Once a person turns-off his or her mobile device, the person cuts himself or herself off from people who may desire to communicate with him or her through the mobile device. For example, when I turn off my mobile phone, people who try to reach me using my mobile number are unable to do so. At times, the inability to reach a person who has turned off his or her mobile device may simply be inconvenient. At other times, the unavailability of the person through the mobile device may be disadvantageous, unfortunate, or even devastating to either the user, the caller, or both.
It may be devastating to the caller to be unable to reach a person on his or her turned-off mobile device because the caller may be having an emergency. The caller may have suffered a car accident, incurred some injury, or be threatened in some way. In other words, the caller may be in need of help and unable to reach the person with the turned-off mobile device for such help.
The inability to contact the person who turned off his or her mobile device may be disadvantageous or even disastrous for that person, too. For example, a family member who is keeping up with weather conditions in the person's area may have information regarding the need to evacuate the area immediately such as in the case of a tornado or hurricane. But the family member may be frustrated in his or her attempts to convey information on the emergency situation to the person because his or her mobile device is turned-off. The family member may suffer anguish in not knowing whether the person is safe or even aware of the weather emergency. If the person remains unaware of the weather conditions, the person may be in a life threatening situation.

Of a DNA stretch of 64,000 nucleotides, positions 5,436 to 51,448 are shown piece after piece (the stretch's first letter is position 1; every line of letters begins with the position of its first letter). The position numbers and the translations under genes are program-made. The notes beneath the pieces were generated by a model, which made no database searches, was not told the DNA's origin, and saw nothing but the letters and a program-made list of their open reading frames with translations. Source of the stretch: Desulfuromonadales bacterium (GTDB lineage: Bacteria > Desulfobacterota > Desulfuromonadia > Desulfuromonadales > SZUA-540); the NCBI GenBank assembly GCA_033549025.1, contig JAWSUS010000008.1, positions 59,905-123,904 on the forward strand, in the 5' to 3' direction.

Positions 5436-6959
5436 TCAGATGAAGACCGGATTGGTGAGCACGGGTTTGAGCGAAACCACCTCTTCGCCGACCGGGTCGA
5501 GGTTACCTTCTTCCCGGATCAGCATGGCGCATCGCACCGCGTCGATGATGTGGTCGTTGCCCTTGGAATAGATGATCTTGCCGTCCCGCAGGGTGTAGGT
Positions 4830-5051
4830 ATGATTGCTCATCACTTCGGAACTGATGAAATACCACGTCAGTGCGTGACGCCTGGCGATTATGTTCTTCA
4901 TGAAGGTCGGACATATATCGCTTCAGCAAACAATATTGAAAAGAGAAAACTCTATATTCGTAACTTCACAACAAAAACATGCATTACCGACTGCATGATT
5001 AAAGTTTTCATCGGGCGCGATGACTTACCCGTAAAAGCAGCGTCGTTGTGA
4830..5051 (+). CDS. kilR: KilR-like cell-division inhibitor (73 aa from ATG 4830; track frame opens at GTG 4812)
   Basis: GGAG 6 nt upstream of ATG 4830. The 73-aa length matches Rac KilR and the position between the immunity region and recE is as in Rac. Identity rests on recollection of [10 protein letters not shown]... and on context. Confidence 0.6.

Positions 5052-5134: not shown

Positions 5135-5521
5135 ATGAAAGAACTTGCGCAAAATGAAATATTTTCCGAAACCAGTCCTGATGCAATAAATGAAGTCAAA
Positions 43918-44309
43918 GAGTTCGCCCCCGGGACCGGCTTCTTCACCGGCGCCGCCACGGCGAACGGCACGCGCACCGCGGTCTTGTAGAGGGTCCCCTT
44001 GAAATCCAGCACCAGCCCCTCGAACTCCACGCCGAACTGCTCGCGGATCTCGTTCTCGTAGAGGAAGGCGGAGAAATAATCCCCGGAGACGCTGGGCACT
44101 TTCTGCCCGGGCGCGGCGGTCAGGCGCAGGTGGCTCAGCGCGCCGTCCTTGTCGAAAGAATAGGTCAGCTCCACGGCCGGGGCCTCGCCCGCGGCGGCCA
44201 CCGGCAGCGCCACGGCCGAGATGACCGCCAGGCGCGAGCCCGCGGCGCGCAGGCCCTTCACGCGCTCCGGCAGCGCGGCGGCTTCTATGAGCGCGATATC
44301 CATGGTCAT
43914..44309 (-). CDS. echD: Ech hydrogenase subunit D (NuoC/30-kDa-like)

Thus, there is a need for methods to reach a person whose mobile device is turned-off. In particular, there is a need for methods to remotely power-on the mobile device so that a communication may be put through to the mobile device.